Mistakes To Avoid When Overlining Your Lips To Capture A Natural Look

For those of us who are not naturally endowed with plump lips, the overlining game is a lifesaver. This trick takes lip liner, lipstick, and guts. One wrong step, and you're  left with exaggerated, comical, and probably uneven lips that are miles away from a natural look.


Unfortunately, finding the perfect way to line your lips for that luscious pout takes time and a whole lot of practice. But before you dive headfirst into your overlining venture, there are a couple of common mistakes that you're bound to make. The only way to achieve those natural-looking plump lips is to identify and avoid these slip-ups.

Knowing where to start, understanding how much is too much lining, and picking out your lip liner and lipstick shades properly are crucial for perfectly overlined puckers. You'll also need to make sure that you're filling your lines in and then blending them for subtlety. 

Starting from the middle

Starting from the middle might seem natural, but when it comes to your lips, the Cupid's bow shouldn't be your starting point. The correct way to start the overlining process is by filling in the outer corners of your mouth first, according to L'Oréal Paris.


Start outlining either side of your lip corners, exaggerating the upper corners of your mouth slightly by adding the liner to the skin just above your upper lip. Do the same on your bottom lip, overlining the corners by using a light hand and "shading" them so you don't accidentally take it too far. Only use a small amount of product and build it up rather than drawing on a stark line from the get-go. It will be a lot easier to fix mistakes, and the final result will be more natural this way. 

After the corners are done, you can move on to the Cupid's Bow using the "X" method. This will make the drawn lines more in tune with your natural lip lines. 

Going overboard with overlining

Overlining doesn't mean you have to overdo it, especially if it's a natural look you're after. The trick is to find the balance between giving yourself bigger lips and making them look natural. To do this, you have to know when to hold back with the lip lining.


When overlining your lips, make sure you're not drawing lip liner way above your natural lip line. Glowsly explains that it can help to learn where your vermillion border (the border of your lips, which is usually a few tones paler than the rest of your skin) is located. If you can follow this border, you won't have to worry about getting carried away with your overlining.

If you have seriously thin lips, you can afford to go a little bit more overboard than someone with larger natural lips. There's definitely an emphasis on the little! But if you already have a pair of full lips, only veer from the natural outline very subtly.

Conflicting shades for your lip liner and lipstick

Your lip liner and lipstick should be matchy-matchy. In other words, they should complement each other in terms of both shades and finishes. So, to avoid buying a lipstick and lip liner combo that works against itself, there are two things to look out for. The first is the finish of the product, per L'Oréal Paris. If your lipstick is matte, then your lip liner should also be a matte product, and if your lipstick has a glossy finish, your lip liner should be of a glossy finish as well. When these two products are of the same finish, it makes for a long-lasting natural lip look that's easy to blend.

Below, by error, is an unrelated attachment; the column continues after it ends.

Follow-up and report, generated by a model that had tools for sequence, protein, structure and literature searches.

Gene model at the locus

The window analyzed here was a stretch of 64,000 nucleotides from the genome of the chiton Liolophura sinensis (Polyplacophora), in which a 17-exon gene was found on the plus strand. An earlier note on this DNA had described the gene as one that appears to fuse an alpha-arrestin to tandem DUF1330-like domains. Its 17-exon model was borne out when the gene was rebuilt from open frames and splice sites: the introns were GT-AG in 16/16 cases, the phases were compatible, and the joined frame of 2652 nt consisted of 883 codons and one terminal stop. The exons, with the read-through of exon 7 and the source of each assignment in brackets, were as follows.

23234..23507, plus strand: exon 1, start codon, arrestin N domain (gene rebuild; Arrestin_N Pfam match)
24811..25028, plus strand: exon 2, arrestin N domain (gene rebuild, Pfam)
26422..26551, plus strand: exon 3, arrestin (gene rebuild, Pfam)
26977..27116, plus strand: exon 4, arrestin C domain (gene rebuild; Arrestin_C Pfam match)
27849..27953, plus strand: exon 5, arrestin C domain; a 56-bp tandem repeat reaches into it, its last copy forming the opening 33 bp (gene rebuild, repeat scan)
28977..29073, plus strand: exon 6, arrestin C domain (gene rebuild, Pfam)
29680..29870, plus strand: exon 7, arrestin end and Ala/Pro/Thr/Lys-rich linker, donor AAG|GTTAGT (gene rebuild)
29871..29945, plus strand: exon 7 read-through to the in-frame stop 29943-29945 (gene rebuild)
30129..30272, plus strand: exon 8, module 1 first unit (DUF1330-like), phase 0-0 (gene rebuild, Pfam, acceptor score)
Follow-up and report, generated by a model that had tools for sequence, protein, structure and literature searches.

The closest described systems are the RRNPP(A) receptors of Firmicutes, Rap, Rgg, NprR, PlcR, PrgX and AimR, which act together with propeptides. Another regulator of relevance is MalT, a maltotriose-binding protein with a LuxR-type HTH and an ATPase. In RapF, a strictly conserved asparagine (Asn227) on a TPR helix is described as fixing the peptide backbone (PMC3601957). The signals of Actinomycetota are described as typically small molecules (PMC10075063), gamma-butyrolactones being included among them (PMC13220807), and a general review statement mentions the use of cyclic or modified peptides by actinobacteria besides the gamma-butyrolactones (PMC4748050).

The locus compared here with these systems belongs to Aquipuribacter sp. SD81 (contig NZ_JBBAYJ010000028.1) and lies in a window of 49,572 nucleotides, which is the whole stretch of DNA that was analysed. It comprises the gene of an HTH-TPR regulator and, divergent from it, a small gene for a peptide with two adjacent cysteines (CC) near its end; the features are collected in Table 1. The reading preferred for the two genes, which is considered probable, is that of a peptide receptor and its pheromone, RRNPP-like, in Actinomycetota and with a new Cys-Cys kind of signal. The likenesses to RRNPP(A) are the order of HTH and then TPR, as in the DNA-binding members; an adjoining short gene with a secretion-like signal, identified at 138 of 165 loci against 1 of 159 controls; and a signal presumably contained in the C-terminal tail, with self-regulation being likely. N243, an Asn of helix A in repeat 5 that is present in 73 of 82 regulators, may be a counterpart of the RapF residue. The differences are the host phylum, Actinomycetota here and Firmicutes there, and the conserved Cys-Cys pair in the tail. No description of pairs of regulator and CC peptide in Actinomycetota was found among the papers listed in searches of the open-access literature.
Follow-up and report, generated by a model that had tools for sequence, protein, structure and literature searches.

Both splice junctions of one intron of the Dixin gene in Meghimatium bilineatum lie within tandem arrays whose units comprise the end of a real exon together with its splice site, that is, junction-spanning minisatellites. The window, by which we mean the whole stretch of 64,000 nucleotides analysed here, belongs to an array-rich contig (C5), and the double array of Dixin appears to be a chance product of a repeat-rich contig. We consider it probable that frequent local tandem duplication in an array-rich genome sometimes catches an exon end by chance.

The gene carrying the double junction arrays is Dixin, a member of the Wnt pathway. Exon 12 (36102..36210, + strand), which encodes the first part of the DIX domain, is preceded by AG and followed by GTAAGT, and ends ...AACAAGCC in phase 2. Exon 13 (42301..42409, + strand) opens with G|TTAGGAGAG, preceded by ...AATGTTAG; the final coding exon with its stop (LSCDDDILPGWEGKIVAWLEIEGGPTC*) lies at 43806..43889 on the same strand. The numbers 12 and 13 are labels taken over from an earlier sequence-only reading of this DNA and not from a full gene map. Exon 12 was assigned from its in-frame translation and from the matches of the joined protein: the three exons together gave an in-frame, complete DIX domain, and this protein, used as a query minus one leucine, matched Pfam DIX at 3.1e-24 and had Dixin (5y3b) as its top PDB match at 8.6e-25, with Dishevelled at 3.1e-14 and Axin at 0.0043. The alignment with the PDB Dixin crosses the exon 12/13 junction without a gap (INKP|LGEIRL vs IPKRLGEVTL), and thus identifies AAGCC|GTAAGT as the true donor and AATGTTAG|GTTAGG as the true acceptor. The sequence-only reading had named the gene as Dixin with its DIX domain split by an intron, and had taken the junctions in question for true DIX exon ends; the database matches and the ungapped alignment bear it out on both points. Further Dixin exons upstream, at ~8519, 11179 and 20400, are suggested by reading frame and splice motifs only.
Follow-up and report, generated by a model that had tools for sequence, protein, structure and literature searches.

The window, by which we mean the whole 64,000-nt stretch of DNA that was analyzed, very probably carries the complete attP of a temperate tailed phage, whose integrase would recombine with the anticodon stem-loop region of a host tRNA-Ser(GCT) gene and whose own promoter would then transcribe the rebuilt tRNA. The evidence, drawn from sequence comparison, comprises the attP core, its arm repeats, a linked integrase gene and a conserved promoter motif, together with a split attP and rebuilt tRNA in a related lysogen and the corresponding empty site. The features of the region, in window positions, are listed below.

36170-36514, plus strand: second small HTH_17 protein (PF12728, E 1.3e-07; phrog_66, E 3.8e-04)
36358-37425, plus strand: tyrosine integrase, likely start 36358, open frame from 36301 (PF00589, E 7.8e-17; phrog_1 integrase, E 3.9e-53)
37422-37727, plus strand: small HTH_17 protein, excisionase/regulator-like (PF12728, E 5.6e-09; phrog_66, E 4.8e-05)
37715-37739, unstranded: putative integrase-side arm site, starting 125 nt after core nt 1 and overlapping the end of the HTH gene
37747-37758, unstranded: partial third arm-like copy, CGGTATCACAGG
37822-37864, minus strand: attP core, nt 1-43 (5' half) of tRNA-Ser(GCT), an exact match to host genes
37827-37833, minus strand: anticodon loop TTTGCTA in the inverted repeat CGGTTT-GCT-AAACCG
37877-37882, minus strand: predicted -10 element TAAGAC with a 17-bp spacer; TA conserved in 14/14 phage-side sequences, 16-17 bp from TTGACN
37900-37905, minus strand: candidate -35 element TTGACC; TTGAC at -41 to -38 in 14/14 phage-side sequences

The second thing you'll need to look out for when picking your lipstick and lip liner is their shades. The shade of your lip liner should be two shades darker than your lipstick, as this will allow you to contour your lips and give them that depth that's required for a fuller look. If you go with a shade that's too light, the overlining won't have much impact. Go for something too dark, though, and you'll be left with a very obvious-looking overlining job.

Forgetting to fill it in

The key to avoid an overlining disaster is subtlety, and a huge part of that is blending your lip liner in with the rest of the color on your lips. That's impossible to do when you don't fill in your lips properly. Once you've drawn the contouring lines, make sure you fill everything in evenly. If you've chosen your lipstick and lip liner shades to complement each other, filling in the outlines and blending them with your lipstick will be an easy task, which will leave you with seamless natural-looking plump lips.


It can help to first fill your lips in with lip liner rather than going straight to your lipstick, as the smaller surface area can make it easier to stay on the right side of the line as you fill in close to your lip's edge. As Beautymone reveals, using lip liner underneath your lipstick will also help your lips to last for longer. Once your lips are completely filled in, you can go in with your lipstick, or even a gloss. 

Leaving harshly defined edges

The last thing you want when overlining your lips is for there to be a very obvious outline around your lips after you're done with your lipstick. To avoid the contrast between the sharp lines of your lip liner and your more blurred lipstick application, don't forget to smudge those edges. Ipsy recommends taking a damp Q-tip and trailing it over your lip liner gently, but you can also use a lip brush to smudge out those fine lines you've created. Blending the corners and edges will provide a more natural aesthetic instead of a blunt-edged look that appears heavy and unnatural.


To finish the look, amplify the full effect by using a tiny bit of highlighter in the center of your lips, per Real Beauty School. This will draw attention to the central point of your lips and create the illusion of an even bigger pout.